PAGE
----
“Make America Great, Again:” A con job for the gullible

Twitter: @rodgermitchell; Search #monetarysovereignty
Facebook: Rodger Malcolm Mitchell


Donald Trump has made his livelihood conning the gullible.

Trump University, Trump steaks, Trump’s Casinos, Trump Shuttle, Trump Mortgage, Trump Vodka were based on smoke and mirrors, and often, gullible investors lost money.

“Make America Great, Again” is a similar con job for the gullible voter. Trump wishes to convince the suckers that America once was “great,” no longer is “great,” but he can make it “great” again.

His plans to “Make America Great, Again” include: Building a gigantic wall between the U.S, and Mexico, deporting innocent men, women and children, taking citizenship away from children born in America, torturing captives, bigotry against Muslims, making healthcare unaffordable for millions, allowing people to own any sort of gun, and “out-dealing” China and Russia.

To those without sense, America’s lack of a giant wall, insufficient bigotry, failing to torture captives and not enough high powered weaponry has caused our fall from greatness, while adding these things will raise us back to greatness.

Which brings us to three questions:

–What exactly is it that makes a nation “great”?
–What made America formerly great that now no longer exists to make us “great”?
–What is being proposed that would return America to greatness?


We often think of “great” nations as large and militarily powerful. By that measure, Russia and China would be considered great. Do you agree?

Also, by that measure, the U.S. has been “great” since at least 1940, so there is no reason to “make America great, AGAIN.”

While population size, and military and economic power are important factors, I suggest that the following are the real measures of historical greatness:

Measure #1. A nation is measured great by how its government and its citizens treat the poorest, least powerful of its people.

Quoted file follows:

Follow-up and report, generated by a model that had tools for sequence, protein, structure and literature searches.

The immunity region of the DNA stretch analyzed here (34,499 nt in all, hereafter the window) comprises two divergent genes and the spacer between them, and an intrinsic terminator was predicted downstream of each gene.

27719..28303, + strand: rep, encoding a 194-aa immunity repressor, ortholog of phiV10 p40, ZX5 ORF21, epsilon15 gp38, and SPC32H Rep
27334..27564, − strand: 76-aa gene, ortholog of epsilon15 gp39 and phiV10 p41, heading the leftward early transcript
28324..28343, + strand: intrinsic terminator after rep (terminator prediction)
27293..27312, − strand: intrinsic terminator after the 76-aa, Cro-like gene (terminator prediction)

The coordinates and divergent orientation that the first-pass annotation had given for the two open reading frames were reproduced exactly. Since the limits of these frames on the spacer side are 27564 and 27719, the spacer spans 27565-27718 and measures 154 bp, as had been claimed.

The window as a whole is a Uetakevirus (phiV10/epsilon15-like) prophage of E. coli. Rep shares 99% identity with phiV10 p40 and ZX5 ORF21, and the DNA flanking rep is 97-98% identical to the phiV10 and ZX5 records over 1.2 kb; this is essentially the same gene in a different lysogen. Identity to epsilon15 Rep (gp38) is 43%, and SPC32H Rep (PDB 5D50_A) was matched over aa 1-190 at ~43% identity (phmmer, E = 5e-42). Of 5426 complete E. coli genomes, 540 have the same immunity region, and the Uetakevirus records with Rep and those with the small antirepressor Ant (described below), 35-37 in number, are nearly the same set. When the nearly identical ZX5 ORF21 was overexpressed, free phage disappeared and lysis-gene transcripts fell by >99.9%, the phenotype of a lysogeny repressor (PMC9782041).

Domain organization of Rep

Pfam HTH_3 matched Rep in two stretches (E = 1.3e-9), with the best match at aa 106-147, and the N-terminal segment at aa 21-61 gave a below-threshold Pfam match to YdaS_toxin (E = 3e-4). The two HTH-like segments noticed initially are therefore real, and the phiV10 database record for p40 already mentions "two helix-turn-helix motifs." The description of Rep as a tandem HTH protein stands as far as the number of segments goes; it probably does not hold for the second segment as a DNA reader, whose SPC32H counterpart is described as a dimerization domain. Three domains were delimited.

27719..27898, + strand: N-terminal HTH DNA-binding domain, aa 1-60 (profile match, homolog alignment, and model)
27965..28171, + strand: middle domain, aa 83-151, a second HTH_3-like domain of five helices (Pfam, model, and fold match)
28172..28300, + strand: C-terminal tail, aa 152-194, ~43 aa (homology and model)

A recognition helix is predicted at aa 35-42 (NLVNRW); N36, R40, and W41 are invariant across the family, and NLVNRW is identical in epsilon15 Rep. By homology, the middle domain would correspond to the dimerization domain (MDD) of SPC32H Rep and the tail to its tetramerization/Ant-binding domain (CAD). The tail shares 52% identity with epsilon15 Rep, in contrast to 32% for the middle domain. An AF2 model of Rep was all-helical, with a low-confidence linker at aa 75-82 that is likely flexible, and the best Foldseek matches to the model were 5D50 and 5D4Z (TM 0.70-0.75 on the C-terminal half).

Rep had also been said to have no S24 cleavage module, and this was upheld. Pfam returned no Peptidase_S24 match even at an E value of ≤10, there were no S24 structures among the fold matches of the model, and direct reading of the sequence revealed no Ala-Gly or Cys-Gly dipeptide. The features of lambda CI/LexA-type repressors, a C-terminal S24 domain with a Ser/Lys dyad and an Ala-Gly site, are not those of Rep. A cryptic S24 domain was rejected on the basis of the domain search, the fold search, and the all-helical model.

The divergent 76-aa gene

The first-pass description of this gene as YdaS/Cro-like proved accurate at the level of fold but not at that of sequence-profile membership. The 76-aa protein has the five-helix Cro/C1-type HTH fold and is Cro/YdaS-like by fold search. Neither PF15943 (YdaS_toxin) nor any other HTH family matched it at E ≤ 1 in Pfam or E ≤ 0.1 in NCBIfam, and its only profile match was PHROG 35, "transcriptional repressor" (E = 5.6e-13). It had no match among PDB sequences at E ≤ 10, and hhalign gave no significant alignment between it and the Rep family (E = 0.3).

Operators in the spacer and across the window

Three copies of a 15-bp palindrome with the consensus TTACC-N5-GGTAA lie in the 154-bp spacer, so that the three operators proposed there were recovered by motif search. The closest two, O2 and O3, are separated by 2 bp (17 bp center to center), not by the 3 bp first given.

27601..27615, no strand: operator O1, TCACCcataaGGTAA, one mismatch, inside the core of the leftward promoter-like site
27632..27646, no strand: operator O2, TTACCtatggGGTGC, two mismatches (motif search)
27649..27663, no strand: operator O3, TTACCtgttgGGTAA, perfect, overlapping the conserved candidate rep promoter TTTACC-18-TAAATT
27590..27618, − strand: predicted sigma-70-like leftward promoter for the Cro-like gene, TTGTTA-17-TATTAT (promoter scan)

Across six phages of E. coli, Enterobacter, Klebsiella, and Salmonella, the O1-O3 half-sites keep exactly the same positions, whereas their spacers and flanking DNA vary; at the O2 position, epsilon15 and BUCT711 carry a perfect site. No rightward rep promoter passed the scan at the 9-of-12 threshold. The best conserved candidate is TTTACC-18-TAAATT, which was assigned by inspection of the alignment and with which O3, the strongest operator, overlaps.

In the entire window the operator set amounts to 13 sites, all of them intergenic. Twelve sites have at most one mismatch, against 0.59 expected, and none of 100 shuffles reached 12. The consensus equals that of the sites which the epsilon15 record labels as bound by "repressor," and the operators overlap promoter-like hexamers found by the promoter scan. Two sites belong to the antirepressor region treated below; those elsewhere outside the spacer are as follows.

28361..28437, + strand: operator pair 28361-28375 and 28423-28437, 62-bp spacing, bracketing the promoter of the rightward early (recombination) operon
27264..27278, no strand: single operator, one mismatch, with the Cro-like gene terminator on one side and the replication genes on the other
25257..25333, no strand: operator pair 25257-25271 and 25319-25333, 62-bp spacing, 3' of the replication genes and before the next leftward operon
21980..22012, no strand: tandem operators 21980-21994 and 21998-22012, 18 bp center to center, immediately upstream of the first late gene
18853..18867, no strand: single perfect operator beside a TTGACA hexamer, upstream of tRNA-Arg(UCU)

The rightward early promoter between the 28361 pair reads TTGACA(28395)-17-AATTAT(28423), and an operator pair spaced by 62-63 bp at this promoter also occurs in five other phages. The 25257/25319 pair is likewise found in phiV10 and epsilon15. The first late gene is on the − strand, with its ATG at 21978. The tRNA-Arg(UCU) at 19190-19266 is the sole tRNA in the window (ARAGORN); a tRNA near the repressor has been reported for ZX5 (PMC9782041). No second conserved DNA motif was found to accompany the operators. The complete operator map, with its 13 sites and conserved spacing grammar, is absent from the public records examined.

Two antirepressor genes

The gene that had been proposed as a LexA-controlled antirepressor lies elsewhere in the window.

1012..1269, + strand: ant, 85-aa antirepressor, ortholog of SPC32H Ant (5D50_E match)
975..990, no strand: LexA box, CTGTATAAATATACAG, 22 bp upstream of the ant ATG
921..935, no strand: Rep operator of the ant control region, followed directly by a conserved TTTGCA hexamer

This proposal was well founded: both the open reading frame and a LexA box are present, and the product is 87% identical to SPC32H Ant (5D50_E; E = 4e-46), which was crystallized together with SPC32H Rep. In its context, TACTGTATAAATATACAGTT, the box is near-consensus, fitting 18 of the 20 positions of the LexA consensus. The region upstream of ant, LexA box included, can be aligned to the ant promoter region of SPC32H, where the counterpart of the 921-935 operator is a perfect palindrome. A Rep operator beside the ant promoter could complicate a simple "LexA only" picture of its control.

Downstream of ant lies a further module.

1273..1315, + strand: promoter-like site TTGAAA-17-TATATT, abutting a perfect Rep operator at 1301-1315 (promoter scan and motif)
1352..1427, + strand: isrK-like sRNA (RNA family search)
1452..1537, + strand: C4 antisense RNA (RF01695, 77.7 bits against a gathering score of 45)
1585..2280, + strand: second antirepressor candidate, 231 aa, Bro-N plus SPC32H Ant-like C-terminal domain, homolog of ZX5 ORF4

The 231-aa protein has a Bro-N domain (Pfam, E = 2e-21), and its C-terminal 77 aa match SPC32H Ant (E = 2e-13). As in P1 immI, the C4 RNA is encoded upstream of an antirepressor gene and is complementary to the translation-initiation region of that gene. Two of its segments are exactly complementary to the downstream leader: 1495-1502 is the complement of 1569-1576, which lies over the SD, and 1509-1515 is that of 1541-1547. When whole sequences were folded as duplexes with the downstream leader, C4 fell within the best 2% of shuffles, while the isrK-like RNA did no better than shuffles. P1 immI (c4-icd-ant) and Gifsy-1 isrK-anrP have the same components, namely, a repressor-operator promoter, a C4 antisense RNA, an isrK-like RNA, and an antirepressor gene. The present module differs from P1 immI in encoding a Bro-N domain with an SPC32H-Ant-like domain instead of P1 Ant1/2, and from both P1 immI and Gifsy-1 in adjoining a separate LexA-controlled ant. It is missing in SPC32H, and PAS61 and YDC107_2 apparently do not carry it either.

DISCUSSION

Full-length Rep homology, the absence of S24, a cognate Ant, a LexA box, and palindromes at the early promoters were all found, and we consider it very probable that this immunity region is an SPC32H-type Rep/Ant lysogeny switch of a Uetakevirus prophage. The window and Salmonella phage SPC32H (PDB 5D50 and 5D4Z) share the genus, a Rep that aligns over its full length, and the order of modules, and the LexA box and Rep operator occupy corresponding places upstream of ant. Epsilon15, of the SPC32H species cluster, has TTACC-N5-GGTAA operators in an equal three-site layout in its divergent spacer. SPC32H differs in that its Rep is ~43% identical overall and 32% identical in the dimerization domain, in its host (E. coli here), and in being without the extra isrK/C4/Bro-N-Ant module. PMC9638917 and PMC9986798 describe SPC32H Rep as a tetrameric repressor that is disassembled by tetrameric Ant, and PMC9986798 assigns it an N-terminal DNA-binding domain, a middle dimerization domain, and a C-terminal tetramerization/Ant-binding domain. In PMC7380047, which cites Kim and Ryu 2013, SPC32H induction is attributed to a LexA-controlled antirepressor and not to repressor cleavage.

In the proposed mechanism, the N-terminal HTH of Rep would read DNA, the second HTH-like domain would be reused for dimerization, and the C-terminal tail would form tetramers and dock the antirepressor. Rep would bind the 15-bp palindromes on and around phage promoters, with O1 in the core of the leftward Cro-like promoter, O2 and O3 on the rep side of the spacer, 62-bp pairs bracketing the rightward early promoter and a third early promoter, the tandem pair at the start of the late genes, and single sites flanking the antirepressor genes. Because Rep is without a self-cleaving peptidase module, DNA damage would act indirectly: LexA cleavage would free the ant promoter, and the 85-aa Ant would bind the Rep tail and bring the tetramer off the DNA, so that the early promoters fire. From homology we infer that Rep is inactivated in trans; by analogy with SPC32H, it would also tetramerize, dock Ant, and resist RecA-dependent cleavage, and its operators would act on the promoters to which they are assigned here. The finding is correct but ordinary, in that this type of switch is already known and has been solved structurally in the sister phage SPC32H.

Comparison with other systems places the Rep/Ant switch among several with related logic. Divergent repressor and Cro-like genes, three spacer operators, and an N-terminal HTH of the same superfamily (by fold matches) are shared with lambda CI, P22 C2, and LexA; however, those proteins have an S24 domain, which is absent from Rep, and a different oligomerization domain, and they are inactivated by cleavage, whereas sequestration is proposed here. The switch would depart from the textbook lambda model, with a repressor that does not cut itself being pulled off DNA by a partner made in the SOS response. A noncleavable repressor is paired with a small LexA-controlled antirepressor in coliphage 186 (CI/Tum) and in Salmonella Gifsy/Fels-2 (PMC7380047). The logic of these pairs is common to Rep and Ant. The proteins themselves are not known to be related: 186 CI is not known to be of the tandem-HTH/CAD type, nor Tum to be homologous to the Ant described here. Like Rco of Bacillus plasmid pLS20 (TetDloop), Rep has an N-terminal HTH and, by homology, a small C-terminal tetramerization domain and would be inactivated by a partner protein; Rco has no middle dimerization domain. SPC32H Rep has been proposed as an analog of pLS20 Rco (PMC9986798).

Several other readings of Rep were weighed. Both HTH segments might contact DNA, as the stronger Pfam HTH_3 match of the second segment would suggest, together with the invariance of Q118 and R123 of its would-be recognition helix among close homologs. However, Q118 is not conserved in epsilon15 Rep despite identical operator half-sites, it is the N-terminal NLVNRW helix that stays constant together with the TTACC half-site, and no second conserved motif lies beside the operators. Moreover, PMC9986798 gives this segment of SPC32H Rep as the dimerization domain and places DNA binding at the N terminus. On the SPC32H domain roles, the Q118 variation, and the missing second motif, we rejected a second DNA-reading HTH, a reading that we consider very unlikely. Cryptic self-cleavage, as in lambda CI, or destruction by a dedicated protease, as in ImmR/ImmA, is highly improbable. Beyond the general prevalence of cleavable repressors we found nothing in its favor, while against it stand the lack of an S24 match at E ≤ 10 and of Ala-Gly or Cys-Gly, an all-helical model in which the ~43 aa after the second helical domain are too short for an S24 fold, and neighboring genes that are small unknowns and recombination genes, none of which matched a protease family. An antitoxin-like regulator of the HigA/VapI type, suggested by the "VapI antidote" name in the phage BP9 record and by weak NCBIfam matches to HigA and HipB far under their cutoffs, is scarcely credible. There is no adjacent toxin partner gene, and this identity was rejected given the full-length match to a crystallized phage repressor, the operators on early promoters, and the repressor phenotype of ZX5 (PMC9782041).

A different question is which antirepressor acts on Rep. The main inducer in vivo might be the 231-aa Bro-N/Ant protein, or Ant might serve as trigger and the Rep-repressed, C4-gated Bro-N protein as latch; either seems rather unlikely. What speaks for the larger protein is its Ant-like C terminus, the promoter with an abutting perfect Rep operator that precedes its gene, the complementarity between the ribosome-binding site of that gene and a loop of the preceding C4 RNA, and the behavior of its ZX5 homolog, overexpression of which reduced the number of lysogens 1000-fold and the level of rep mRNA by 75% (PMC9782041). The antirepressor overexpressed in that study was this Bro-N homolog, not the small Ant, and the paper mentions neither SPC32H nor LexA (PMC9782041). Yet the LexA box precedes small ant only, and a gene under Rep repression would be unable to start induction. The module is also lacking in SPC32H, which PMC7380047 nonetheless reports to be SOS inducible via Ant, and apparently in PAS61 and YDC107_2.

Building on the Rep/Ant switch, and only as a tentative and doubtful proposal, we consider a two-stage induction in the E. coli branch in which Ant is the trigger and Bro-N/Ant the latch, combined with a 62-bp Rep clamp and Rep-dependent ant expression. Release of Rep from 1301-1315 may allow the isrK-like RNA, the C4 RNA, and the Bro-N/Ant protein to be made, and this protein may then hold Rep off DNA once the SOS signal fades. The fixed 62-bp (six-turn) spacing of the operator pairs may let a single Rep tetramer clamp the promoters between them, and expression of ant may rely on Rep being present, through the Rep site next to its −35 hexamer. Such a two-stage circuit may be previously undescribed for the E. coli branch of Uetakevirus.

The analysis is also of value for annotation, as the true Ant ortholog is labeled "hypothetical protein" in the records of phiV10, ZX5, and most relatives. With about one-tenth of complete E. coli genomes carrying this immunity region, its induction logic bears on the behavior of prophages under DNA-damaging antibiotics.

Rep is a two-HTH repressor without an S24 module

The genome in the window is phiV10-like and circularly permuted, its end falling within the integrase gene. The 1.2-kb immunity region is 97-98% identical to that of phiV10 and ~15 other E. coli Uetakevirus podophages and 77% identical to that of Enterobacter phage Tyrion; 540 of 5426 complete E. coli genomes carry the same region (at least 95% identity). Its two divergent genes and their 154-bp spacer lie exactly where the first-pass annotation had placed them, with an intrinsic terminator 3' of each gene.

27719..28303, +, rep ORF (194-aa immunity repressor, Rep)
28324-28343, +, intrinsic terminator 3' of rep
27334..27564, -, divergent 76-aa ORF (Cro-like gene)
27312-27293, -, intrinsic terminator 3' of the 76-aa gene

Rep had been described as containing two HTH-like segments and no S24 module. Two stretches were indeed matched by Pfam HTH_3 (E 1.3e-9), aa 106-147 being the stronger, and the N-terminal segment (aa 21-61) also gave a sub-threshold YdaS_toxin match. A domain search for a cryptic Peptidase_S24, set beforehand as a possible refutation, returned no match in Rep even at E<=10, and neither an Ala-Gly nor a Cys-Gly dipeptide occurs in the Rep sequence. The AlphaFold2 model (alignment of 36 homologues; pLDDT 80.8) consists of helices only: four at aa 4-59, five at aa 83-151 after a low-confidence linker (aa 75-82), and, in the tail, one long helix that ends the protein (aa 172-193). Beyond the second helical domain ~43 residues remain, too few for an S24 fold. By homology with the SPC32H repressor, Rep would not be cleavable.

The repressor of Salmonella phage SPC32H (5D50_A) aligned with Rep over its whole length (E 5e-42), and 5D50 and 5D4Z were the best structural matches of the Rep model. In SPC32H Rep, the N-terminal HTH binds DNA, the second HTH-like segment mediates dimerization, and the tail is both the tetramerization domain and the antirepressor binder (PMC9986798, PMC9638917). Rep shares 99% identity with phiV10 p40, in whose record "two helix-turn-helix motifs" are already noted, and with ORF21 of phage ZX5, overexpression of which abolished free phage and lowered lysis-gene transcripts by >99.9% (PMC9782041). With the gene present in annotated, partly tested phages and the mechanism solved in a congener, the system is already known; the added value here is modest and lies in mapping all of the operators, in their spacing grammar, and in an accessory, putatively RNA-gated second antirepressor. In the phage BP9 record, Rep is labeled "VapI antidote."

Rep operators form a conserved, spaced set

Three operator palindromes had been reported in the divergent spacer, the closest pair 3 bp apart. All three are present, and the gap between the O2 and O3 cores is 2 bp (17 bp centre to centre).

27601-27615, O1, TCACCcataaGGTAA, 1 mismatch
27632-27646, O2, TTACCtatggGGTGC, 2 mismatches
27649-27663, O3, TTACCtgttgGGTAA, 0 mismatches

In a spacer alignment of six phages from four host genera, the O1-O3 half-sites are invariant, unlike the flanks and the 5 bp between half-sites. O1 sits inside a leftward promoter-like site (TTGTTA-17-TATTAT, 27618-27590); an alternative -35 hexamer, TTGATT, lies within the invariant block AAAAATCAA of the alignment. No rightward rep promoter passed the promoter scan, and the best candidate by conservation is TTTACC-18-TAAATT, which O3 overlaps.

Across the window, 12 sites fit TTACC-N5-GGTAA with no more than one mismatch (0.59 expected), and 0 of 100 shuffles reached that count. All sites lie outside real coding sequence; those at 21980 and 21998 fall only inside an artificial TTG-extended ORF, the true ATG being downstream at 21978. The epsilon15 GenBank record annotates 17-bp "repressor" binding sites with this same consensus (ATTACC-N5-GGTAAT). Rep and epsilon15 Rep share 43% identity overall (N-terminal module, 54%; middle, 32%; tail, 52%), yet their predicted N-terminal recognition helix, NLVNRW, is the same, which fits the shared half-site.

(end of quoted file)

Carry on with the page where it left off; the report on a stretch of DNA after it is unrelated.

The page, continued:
In America, the Gap between the rich and the rest has grown dramatically.
The higher the GINI ratio, the more unequal is income.

We suffer from a large and growing income and a wealth Gap. But more importantly, it is a power Gap, aided and abetted by the Supreme Court’s “money is speech” decisions, culminating with the Citizens United opinion.

The Supreme Court neither understands nor cares that extreme wealth in politics . . . corrupts the very foundation of one person, one voice, one vote.

The Court always understands abstract concepts that empower corporations and wealthy politicians, but rarely understands abstract concepts that empower individuals and protect democracy.

An argument can be made that America reached the zenith of its greatness during four periods of our history: The Revolutionary War, the Civil War, World War II and the Lyndon Johnson administration.

The three wars were “noble wars” in which we pledged “our lives, our fortune and our sacred honor” to fight against evils — the evil of royal dictatorship, the evil of slavery and the evil of Naziism.

The Lyndon Johnson administration’s record was less pure. In general, he fought against the evils of poverty and bigotry.

Poll taxes (the South’s perennial campaign to disenfranchise the poor, now being repeated with the demand for official picture IDs for voting) were abolished

Johnson signed: The Civil Rights Act, the Economic Opportunity Act, the Voting Rights Act, the Elementary and Secondary Education Act, Medicare, and Medicaid. He appointed a black man, Thurgood Marshall to the Supreme Court (despite long delays and vicious questioning by Southern Senators)

While the Vietnam war deservedly sullied Johnson’s reputation, there never was a period in American history when a President fought so hard and so successfully on behalf of the poor. Johnson’s Vietnam merely demonstrated the imperfections in even the best of us.

Measure #2. A nation is measured as “great” by its moral leadership.

In the short term, there always can be “rational” defenses for realpolitik.

There are “good” excuses to build a wall on our Mexican border, “good” excuses to deport undocumented immigrants, “good” excuses to demand picture IDs for voting, “good” excuses to intern Japanese during WWII, “good” excuses to torture prisoners, “good” excuses to prosecute whistle-blowers, “good” excuses to shoot unarmed black men, and “good” excuses for bigotry against Muslims, other non-Christians, blacks, browns, and gays.

There were “good” excuses for slavery, attacks on abortion providers, universal gun carry and “stand your ground,” refusal to consider a Supreme Court nomination, and cuts to Social Security, Medicare and Medicaid.